New Delhi, May 7 (UNI) Accusing the Opposition BJP-led NDA of using the spiralling inflation as an electoral opportunity, the Congress today said the prices of essential commodities would moderate within six weeks.
Union Minister and AICC National Media Committee Convener Kapil Sibal told mediapersons that the NDA should first look at the rate of inflation prevalent at the time when it was in power, rather than making a hue and cry on the issue of inflation.
He pointed out that the inflation rate hovered between six and eight per cent during the NDA rule in 2000-01.
For 48 out of 52 weeks during 2000-01, inflation was over six per cent, in 22 of those weeks, inflation was over seven per cent, and in 12 of those weeks, it was over eight per cent. The principal contributors to inflation in that year were fuel and power.
Giving out the present inflation rate prevalent in states, Mr Sibal said about 13 states had recorded a low to moderate inflation rate of three to six per cent in March 2008, which included BJP-ruled states of Madhya Pradesh and Rajasthan as well.
"This in itself reflects on the hollowness of BJP's anti-price rise campaign." In this context, he said the NDA should understand that in a globalised economy, global inflationary trends were bound to have their effects on the country. Though the government had taken several anti-inflationary measures, it would take time to reflect on the prices of commodities.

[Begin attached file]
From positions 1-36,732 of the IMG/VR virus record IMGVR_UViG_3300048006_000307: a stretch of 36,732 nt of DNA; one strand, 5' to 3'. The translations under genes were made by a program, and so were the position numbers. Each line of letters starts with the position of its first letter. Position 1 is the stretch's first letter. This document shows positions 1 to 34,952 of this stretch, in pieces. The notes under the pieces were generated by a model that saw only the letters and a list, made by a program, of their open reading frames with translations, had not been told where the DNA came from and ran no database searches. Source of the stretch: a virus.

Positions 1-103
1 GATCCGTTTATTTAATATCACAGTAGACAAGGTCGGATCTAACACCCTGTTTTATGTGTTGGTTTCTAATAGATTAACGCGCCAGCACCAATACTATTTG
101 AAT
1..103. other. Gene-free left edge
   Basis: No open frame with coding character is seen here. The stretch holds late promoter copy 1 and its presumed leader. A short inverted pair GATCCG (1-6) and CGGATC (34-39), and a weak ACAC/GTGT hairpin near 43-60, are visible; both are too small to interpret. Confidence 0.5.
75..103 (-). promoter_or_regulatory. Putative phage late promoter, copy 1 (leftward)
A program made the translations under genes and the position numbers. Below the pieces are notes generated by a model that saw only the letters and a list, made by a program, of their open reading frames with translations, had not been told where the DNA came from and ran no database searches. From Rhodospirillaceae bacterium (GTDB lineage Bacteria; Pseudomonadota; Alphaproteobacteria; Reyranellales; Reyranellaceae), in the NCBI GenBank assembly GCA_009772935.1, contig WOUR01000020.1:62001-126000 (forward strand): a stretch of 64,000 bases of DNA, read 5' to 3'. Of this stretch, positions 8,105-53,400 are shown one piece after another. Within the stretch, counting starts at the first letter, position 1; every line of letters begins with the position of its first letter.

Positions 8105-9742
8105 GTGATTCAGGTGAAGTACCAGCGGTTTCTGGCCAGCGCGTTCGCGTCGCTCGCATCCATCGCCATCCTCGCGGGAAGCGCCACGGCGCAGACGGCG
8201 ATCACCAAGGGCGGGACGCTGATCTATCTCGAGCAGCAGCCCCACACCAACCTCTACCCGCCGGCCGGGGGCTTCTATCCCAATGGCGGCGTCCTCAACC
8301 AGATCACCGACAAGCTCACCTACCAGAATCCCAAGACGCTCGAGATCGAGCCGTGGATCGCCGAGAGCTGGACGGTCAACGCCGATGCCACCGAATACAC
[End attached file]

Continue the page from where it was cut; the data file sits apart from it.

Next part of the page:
He said it took the NDA government about a year to moderate the surging inflation rate during 2000-01.
Apparently referring to the statement of US President George Bush blaming growing consumption among the middle class in India for the global food crisis, Mr Sibal said the United States consumed more cereals, including wheat, rice, maize and corn than either India or China.
According to the FAO report, the consumption of cereals by India was projected to have grown 2.17 per cent from 193.1 million tonnes in 2006-07 to 197.3 million tonnes in 2007-08. In the same period, the consumption of cereals in the US had been projected to have grown 11.81 per cent from 277.6 million tonnes to 310.4 million tonnes.
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